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How can I recreate Angelina Jolie's makeup in "Wanted"??

I am terrible at smokey eye but I really want this badass look! Makeup brands and names of colours and such are much appreciated. 


And a step-by-step would be wonderful.



Re: How can I recreate Angelina Jolie's makeup in "Wanted"??

Hi, Ing27! For starters, practice, practice, practice will help, regardless of types of make up or brands used. An artist's or applicant's ability is not purely defined merely by the tools or mediums used but rather what can be done with them.


In regards to Angelina's smokey eye in Wanted, there are many approaches you can go with. Depending on your practice and skills with working with darker colors and the smokey eye technique, you may consider making up the eyes prior to your complexion to make clean up of any fallen shadow easier and not cause smudges under the eye that may be unsightly. If you are a stickler for completing your face make up first, try to hold a tissue or small card (business card or Post-It Note) under each eye as you're working with product to catch falling shadow or dust a heavy amount of loose, translucent powder under each eye to catch shadow and then brush it all off with a large powder brush when completed. You can also utilize a silicone/dimethicone based primer (ex. Smashbox's Photo Finish Original Primer) on a make up sponge and lightly skim it along the under eye area to pick up and remove shadow traces without disrupting complexion make up.


On clean, bare lids, begin prep by applying an eye shadow primer to ensure shadow and eye products adhere better to the lid, increase blendability, and aid in preventing the premature fading or creasing of product throughout wear. Popular primers include Urban Decay's Primer Potions, Nars' Pro Prime, Too Faced's Shadow Insurance, and Smashbox's 24 Hour Photo Finish Primer.


Depending on the medium you want to work with, this look can be created with cream shadows, powder shadows, or even a combination of both.


For cream shadows, the formula allows for a bit more "working" time as its emollient and allows you a softer medium compared to a dry one like powder shadows. The unavoidable shade needed here will be a rich black, if you find that a matte/opaque black is a bit too daunting, try a slightly metallic or satin finish black or even a rich charcoal. The initial application of cream shadows can be done with flat headed brushes that are smaller, but resemble concealer brushes. Brushes to apply cream-based items are traditionally synthetic as the bristles won't be prone to absorb product like natural hair which is porous, but can also be found in blends as well.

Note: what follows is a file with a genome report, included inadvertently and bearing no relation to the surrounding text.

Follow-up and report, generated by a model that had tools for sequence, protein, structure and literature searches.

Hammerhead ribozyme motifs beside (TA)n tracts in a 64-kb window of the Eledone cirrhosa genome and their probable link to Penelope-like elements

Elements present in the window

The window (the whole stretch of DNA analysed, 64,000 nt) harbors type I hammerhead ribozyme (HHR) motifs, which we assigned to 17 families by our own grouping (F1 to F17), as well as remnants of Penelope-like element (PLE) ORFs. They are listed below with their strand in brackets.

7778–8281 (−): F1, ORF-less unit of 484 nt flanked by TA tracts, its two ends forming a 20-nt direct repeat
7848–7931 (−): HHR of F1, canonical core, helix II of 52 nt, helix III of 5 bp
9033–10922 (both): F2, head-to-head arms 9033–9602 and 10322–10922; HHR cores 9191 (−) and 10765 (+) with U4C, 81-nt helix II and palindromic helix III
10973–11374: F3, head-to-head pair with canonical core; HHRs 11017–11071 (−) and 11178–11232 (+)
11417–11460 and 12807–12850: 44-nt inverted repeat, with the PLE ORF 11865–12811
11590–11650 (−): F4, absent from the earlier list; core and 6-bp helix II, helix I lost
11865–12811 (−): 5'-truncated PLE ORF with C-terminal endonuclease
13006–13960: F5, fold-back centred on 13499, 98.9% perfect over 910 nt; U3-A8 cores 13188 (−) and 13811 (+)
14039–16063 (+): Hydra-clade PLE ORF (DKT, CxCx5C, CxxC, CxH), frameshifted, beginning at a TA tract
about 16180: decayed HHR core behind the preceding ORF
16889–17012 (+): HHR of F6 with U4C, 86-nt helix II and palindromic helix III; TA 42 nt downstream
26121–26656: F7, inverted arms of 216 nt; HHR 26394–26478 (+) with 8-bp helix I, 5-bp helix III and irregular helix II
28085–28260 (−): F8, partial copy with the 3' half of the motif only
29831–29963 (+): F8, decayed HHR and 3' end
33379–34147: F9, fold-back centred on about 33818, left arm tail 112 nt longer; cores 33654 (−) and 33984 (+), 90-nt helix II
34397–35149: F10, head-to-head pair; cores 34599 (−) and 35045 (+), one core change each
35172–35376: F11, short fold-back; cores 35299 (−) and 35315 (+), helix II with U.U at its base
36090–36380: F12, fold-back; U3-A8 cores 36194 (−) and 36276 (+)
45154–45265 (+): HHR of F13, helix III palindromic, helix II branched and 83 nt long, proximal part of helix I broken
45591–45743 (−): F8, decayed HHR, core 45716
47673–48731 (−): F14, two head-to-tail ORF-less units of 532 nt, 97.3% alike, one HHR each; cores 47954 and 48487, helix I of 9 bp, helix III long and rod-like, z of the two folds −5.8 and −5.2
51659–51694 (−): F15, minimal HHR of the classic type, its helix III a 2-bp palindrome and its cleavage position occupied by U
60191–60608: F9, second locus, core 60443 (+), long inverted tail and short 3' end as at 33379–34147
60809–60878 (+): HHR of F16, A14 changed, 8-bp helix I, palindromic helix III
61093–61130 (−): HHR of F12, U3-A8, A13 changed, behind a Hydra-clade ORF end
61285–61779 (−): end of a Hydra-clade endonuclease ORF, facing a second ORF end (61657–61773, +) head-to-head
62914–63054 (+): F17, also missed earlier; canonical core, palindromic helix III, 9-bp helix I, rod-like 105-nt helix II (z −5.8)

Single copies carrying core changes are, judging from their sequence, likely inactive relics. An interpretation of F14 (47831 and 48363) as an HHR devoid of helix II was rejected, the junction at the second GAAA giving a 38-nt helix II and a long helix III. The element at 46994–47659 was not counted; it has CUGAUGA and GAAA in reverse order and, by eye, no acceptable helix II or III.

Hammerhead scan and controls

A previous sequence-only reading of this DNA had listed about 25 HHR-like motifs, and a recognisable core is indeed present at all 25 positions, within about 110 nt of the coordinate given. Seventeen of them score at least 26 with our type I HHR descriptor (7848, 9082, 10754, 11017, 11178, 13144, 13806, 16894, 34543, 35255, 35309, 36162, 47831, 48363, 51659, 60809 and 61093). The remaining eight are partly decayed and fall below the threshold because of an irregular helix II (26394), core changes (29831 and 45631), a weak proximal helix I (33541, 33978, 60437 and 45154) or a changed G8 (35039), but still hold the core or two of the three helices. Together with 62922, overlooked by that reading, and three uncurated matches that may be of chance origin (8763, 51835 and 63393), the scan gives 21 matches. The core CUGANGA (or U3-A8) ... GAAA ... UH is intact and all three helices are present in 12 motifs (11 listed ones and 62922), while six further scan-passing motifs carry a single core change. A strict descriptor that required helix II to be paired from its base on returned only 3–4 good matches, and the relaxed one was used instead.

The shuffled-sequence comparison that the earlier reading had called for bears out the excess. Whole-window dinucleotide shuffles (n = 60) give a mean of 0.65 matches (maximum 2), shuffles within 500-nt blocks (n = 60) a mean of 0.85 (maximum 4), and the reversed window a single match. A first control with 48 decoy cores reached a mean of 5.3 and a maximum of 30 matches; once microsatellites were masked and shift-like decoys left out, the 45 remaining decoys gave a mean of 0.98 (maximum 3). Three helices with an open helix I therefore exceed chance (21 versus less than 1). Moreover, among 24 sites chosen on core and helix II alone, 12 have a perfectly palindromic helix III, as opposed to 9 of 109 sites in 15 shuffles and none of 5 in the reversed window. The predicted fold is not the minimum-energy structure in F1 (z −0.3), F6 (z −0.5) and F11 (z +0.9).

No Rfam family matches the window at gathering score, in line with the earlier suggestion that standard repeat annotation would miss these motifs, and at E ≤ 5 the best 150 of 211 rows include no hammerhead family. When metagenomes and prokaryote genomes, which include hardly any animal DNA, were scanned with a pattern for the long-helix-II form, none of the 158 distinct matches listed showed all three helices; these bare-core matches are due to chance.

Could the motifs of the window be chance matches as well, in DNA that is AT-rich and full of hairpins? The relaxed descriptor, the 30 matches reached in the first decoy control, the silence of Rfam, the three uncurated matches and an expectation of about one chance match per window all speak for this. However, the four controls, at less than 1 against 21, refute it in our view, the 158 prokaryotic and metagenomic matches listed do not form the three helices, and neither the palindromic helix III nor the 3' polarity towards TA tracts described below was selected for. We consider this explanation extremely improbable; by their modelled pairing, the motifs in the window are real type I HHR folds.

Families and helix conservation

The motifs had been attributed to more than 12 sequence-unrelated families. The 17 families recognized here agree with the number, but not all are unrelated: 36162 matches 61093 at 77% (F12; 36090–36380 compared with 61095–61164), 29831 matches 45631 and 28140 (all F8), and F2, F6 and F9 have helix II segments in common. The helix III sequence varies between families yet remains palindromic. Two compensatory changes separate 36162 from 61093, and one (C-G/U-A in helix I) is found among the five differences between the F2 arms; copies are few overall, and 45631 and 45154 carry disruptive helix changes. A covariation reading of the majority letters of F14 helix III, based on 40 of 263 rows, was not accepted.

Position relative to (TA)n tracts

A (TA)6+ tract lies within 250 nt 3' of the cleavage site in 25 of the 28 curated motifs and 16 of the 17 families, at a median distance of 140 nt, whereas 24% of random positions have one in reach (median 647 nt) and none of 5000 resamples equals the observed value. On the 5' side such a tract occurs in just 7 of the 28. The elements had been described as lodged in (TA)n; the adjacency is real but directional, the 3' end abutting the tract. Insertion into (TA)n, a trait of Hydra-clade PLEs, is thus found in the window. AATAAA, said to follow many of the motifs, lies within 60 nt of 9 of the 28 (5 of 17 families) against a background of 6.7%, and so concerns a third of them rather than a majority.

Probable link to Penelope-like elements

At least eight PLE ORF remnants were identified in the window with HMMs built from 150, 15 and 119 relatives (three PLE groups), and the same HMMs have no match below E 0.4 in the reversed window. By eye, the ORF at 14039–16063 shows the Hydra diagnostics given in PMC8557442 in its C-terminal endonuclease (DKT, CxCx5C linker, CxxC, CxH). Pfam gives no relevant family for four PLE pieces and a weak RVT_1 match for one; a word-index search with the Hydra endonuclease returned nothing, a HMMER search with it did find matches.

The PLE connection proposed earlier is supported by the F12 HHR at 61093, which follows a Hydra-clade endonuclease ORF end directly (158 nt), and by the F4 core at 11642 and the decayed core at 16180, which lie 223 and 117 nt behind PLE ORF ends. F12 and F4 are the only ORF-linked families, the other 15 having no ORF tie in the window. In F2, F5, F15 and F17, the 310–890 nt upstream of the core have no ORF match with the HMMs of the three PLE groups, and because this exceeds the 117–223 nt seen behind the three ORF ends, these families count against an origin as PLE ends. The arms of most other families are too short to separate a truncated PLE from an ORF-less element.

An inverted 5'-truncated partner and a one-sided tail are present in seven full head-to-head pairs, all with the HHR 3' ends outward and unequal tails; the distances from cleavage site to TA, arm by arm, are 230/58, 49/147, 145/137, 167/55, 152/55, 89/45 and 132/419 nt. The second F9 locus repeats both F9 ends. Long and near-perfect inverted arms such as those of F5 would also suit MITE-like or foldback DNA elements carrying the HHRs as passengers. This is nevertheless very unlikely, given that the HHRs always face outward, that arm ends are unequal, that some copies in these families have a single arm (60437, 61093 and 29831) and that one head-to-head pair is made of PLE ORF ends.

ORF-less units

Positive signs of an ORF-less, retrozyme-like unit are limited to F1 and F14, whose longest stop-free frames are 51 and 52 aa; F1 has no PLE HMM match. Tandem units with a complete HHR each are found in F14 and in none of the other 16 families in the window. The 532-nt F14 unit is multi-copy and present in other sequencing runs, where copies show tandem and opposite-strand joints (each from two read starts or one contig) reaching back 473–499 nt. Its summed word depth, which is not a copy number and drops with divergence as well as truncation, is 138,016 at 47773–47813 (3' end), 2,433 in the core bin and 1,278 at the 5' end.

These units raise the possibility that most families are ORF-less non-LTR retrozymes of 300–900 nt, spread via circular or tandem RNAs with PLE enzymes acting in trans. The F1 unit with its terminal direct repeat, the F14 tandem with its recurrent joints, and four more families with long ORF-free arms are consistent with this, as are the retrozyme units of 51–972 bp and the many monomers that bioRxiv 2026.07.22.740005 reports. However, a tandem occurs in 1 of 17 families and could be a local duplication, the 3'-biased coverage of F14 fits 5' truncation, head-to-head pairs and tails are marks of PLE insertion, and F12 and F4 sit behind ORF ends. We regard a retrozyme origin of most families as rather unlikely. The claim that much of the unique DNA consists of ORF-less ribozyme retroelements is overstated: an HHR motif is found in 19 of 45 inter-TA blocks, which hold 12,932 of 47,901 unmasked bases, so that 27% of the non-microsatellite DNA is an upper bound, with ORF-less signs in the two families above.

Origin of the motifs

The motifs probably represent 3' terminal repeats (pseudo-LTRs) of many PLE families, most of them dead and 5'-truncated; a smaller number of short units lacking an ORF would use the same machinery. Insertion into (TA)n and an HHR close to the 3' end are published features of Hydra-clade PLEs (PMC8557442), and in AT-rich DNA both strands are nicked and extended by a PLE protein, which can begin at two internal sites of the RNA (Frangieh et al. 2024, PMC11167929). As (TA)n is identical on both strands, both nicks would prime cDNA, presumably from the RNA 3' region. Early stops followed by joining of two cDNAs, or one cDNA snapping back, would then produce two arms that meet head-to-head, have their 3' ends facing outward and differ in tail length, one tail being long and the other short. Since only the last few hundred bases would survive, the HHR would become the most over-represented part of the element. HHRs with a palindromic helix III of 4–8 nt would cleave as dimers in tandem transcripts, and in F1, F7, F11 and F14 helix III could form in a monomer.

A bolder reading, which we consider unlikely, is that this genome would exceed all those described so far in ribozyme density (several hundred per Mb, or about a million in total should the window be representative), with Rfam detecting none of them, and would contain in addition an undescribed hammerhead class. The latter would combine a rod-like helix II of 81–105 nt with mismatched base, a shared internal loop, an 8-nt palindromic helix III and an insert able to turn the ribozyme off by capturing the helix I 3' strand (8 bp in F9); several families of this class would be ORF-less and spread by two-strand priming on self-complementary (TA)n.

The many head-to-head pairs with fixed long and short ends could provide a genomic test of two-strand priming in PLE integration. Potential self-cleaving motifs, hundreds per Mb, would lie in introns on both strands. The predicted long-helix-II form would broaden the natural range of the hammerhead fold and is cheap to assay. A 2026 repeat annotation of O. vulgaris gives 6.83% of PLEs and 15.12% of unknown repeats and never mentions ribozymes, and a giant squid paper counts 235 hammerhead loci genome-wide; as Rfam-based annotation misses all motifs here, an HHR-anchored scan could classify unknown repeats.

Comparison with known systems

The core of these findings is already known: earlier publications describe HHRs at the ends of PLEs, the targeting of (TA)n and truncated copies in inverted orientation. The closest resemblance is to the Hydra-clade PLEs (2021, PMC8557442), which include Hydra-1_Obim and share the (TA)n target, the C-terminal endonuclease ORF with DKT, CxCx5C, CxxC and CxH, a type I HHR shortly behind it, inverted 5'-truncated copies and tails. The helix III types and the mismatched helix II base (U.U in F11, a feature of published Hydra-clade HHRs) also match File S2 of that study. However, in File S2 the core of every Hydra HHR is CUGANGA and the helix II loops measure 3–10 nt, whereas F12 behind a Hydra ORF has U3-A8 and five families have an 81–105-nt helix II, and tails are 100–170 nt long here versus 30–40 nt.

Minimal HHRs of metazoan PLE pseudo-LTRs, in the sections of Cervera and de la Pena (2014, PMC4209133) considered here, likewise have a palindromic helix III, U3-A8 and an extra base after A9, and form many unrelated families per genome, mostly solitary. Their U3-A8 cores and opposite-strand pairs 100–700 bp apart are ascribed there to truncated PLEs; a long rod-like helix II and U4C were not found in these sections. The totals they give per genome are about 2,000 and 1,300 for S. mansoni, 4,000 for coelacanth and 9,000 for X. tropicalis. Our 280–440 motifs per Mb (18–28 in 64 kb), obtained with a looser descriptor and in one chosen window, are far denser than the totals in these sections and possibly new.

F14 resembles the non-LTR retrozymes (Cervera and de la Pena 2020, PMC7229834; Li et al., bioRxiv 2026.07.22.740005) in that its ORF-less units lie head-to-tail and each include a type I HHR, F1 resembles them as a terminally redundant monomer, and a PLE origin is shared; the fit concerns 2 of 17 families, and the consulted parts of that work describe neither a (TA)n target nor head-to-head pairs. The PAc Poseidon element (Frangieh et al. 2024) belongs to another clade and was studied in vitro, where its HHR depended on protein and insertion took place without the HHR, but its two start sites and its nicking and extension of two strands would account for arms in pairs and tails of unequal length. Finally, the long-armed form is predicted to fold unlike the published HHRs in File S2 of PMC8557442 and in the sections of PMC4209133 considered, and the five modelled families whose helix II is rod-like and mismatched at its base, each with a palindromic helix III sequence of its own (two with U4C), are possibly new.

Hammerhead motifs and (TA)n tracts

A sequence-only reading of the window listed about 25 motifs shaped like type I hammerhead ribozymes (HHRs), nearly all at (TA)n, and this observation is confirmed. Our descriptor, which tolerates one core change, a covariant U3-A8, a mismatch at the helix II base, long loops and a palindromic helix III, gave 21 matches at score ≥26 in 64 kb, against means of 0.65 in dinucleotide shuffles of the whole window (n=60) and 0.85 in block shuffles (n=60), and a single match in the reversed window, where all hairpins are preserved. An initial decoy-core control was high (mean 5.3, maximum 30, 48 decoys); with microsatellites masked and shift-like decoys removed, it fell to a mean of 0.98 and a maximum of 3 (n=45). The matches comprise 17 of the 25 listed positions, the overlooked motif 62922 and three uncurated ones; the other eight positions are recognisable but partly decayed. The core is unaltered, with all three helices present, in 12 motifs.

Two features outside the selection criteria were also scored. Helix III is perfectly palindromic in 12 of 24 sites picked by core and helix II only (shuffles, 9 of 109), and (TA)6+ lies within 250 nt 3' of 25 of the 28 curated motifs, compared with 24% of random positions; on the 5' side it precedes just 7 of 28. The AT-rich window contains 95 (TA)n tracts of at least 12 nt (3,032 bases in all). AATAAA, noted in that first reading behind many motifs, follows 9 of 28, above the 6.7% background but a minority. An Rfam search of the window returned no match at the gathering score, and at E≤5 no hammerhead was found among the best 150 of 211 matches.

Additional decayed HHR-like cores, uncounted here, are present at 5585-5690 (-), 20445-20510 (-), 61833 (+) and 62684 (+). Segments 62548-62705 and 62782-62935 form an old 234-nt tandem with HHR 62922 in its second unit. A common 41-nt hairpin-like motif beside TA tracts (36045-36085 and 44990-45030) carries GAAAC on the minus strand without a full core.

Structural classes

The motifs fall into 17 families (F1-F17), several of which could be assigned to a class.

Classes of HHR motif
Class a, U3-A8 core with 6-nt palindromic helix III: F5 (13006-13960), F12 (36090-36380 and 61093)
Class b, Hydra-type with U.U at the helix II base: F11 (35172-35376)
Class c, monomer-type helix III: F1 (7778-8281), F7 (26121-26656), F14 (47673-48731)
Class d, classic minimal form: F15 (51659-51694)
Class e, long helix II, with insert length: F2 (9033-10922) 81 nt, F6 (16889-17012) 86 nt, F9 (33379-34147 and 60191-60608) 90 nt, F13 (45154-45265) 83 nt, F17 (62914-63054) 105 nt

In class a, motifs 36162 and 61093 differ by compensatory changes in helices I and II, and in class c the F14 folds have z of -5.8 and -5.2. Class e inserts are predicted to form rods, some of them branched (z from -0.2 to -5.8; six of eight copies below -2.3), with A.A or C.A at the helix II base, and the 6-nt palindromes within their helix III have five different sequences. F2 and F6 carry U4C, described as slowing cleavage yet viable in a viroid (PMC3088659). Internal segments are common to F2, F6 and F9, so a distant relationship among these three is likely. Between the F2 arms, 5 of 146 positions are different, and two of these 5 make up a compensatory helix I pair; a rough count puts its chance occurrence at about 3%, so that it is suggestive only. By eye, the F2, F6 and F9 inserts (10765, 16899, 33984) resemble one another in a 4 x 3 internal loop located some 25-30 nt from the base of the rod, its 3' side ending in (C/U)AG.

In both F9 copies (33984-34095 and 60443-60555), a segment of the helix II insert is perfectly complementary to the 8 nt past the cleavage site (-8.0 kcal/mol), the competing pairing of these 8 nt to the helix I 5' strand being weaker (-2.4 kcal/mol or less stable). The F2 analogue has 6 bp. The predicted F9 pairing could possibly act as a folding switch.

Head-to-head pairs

Benefit, Bobbi Brown, and Sephora are just a few of the brands that make these flat-head, concealer-like brushes and they work well for that initial application because the dense packing of bristles pick up and distribute product in a more even manner. Rather than brush back and forth to apply, run just one side of your flat-head brush through cream shadow, leaving the other side clean as this allows you to use this side to go over areas of which you've just applied product and soften it out and smudge without worry of caking on too much product. Begin with motions on the lid that feel like gentle pats and dab strokes to place the shadow where you need it. Avoid going above the crease too much, if you use the brush to feel along the curvature of your eye socket, keep the cream shadow on the rounded portion of the lid itself under the crease and extend it a bit out along the outer edge of the eye. Try to have this fan out in more of an angled manner rather than in a horizontal manner to avoid having the look appear to weighted, having it applied upward also will give a lifted look to the eyes with such a dramatic look.


To blend and feather out edges to soften their appearance and prevent any harsh, defined lines in this look and with working with cream shadows, use a domed brush that is traditionally used for precision application for shadow along the crease and begin buffing along cream shadow edges and the crease in rotating, small circular motions. By having the dimension of a domed brush, the tip allows you to focus on a precise area but the softness in the buffing is what allows for that blending to take place, you're not aiming to blend product out to a super wide area, so that domed shape gives that control but also allows you to do what is needed.


I haven't been able to track down my hi-res photos of her smokey eye look, but in one image with her eyes half lowered, the center of her lid has more of a neutral tone of a deepened cocoa or stone with sheer wash of grey over it so the lid in fact doesn't appear to be all black. If you're wanting to opt into this lid, begin your color application with the lighter shade as it's easier to cover up areas with dark than it is to begin dark and try to layer lighter shades over. Begin by buffing on the neutral of your choice, check out Bobbi Brown's Cream Shadow in Stone (beige brown), MUFE's Aqua Cream in 15 Taupe, or Benefit's Long-Wear Cream Shadow in Birthday Suit (brushed chrome) for color references/options, onto your lid. Since the inner and outer corners are black, it's up to you as to whether you want to keep the neutral in the center portion of the lid or extend to nearly the entire thing and layer the black over it.


After laying down your neutral, begin with the black (check out MUFE's Aqua Black Waterproof Cream Eye Shadow in Aqua Black, MUFE's Aqua Cream in 27 Black, or Stila's Smudge Pot in Black. if you're wanting a deep charcoal for a less intense look, try Benefit's Skinny Jeans or Holy Smokes, MUFE's Aqua Cream in 1 Anthracite (silvery charcoal), or Smashbox's Limitless 15 Hr Cream Shadow in Stone). Using the flat-head brush, touch into the inner corners and use the domed brush to buff where the black and neutral meet for a more seamless meet, do the same for the outer corner, remembering to extend a touch at the outer corners in an angled manner, buffing to soften edges and give the look that "smokey" nature.